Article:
DETOX WITH KURT SCHWITTERS

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This Season: Olivia Weinberg picks the collages of a German painter, interned in Britain during the second world war

From INTELLIGENT LIFE magazine, January/February 2013

Things—a piece of string, corrugated card, a used envelope, nails, a grubby bus ticket, sackcloth, a yellow dot—have been attached to a wooden board. Fragmented words from bits of coffee-stained newsprint poke through the gaps, teasingly. Splurges of paint sweep across the pitted surface. The result is a carefully assembled composition made from a load of old tat.

In 1919 Kurt Schwitters invented the concept of Merz. The term, like much of Schwitters’ work, is dipped in irony (he saw an advert for Commerzbank and took a bite out of the middle). The process is a sort of anti-ideology, in which boring everyday materials become expressive components of equal weight. "Merz develops the studies for a communal creation of the world," he declared. "Merz detoxifies. Merz is Kurt Schwitters."

Picasso and Braque had been playing around with a similar technique a few years earlier, which they called papiers collés, but Schwitters, says Emma Chambers, curator of modern British art at Tate Britain, "takes collage to a different level" (above, "The Proposal", 1942). He had a sharp imagination that enabled him to look at ordinary objects with fresh eyes, as if seeing them for the very first time.

He was forced to flee Germany when his work was condemned as "degenerate" by the Nazi government. He was one of many German exiles, including a number of artists, to be interned on the Isle of Man during the war. In the camp, he took part in concerts, poetry performances and group exhibitions. "It’s unfortunate", Chambers says, "that the legendary porridge sculptures didn’t survive." 

Released in 1941, Schwitters spent more time in London, and it shows. A Bassetts Liquorice Allsorts wrapper appears in "Untitled (This is to Certify That)", 1942 , as do familiar English phrases and this is the first major exhibition to focus on his extensive British output. The curators, keen to shake things up, have invited two artists, in collaboration with Grizedale Arts, to develop new work in response to Schwitters. The two have taken different approaches—Laure Prouvost has used anecdotal material in which she hops between fact and fiction, while Adam Chodzko pays homage to the "Merz Barn", an architectural construction in Cumbria considered one of the key lost works of European modernism. "I’ve discovered", Chodzko says, "that people make no sense."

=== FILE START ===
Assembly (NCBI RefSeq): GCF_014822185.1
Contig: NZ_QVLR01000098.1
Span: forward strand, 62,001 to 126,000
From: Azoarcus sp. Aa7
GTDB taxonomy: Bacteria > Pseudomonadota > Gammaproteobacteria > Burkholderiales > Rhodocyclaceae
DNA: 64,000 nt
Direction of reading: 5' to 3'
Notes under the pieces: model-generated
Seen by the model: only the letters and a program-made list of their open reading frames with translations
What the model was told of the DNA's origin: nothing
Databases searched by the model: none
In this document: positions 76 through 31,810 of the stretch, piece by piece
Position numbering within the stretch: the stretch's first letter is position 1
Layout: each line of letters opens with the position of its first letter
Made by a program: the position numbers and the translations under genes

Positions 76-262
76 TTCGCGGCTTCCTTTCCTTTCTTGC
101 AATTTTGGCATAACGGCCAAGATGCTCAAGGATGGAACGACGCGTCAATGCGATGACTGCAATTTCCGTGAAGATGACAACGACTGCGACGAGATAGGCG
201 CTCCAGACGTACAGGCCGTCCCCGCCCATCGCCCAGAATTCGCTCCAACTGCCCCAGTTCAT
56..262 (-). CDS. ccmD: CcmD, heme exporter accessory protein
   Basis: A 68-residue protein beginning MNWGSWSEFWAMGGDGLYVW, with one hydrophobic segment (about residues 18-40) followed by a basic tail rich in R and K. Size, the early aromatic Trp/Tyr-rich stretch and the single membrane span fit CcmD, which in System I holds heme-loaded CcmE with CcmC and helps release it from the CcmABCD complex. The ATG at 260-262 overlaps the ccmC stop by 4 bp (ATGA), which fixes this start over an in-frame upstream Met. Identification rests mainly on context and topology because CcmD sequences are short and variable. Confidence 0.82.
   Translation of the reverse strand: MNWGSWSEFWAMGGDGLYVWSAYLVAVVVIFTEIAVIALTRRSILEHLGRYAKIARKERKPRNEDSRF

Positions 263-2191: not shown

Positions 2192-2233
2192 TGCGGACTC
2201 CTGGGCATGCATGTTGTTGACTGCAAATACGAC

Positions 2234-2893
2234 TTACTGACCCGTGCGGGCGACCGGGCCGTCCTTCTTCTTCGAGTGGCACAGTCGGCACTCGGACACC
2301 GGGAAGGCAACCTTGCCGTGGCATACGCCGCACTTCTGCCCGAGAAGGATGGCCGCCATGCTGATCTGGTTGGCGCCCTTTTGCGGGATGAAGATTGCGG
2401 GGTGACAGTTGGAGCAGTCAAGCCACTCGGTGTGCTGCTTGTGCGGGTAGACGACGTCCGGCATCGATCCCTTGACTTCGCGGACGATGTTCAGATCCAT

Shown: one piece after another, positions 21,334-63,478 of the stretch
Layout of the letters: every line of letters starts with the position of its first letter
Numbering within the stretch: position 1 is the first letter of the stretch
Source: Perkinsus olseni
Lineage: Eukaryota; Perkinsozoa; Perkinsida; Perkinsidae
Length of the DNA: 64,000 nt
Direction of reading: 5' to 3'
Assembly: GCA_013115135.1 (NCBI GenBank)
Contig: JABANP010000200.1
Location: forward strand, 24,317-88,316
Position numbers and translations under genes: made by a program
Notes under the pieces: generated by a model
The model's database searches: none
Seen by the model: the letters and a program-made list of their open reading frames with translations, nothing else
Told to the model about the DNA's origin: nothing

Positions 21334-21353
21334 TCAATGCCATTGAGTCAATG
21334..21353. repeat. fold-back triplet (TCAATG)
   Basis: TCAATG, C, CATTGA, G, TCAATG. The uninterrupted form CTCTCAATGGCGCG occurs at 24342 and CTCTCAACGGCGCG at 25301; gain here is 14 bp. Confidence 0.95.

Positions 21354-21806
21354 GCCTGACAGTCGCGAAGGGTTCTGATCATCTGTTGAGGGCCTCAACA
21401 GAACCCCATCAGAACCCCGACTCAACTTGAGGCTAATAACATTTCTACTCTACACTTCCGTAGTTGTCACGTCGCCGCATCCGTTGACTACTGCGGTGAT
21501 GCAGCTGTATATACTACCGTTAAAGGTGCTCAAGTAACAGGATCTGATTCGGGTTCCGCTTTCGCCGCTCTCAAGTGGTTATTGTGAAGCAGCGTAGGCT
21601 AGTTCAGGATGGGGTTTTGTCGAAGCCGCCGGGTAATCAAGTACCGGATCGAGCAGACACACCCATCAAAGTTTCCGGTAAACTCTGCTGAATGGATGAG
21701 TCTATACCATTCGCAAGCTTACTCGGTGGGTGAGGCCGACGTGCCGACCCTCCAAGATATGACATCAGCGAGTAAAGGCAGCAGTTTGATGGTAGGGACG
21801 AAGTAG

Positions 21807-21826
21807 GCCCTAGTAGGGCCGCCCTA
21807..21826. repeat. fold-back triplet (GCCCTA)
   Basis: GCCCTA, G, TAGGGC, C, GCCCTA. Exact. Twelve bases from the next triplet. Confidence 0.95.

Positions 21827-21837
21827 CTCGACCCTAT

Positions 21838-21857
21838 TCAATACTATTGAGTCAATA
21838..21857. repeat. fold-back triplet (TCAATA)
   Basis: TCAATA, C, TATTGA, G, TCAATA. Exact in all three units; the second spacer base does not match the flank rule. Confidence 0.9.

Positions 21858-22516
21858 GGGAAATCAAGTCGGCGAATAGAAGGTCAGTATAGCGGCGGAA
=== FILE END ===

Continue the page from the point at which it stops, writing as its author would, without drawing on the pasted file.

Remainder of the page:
Schwitters in Britain Tate Britain, London, Jan 30th to May 12th

AT A GLANCE

Art in the Street: European Posters (Museum of Fine Arts, Boston, to July 21st). In the 1890s poster mania brought fine art to the masses. This show goes back from Art Nouveau to Russian photomontage, with key works by Toulouse-Lautrec, Bonnard and Kandinsky.

Inventing Abstraction, 1910– 1925 (MoMA, New York, to April 15th). In 1912, a handful of artists (Kandinsky, Picabia, Kupka, Delaunay) presented the first abstract pictures to the world. A century on, MoMA has a sweeping survey of more than 400 works.

Manet: Portraying Life (Royal Academy, London, Jan 26th to April 14th). Today we call him the father of modern art, but in life Manet’s unusual technique divided the critics. This is the first major exhibition dedicated to his portraits. Better late...

Murillo at the Wallace Collection: Painting of the Spanish Golden Age (Wallace Collection, London, Feb 6th to May 12th). Hugely popular in the 17th century, Murillo’s canvases are powerful, tender and ripe for rediscovery.

Chagall: Modern Master (Kunsthaus, Zurich, Feb 8th to May 12th). Like them or not, Chagall’s floaty figures and flying cows are instantly recognisable. Here are more than 90 lively paintings and works on paper.

ON|OFF (UCCA, Beijing, to April 14th). Fifty young Chinese artists ready to be heard. Expect a lot of energy.

The Bride and the Bachelors: Duchamp with Cage, Cunningham, Rauschenberg and Johns (Barbican, London, Feb 14th to June 9th). With his humour and daredevil ingenuity, Duchamp rewrote the rules. This show explores his impact on four modern greats.

William Scott (Tate St Ives, Jan 26th to May 6th). The 60-year career of a painter whose clean lines and cool colour can make a saucepan look stylish. 

Max Ernst (Albertina, Vienna, Jan 23rd to May 5th). His first Austrian retrospective. On the surface, his paintings are full of colour and spirit; dig deeper and they disclose Freudian metaphors and wicked childhood memories.

Olivia Weinberg is an art critic based in London. She took over as our exhibitions previewer after interning at Intelligent Life in 2010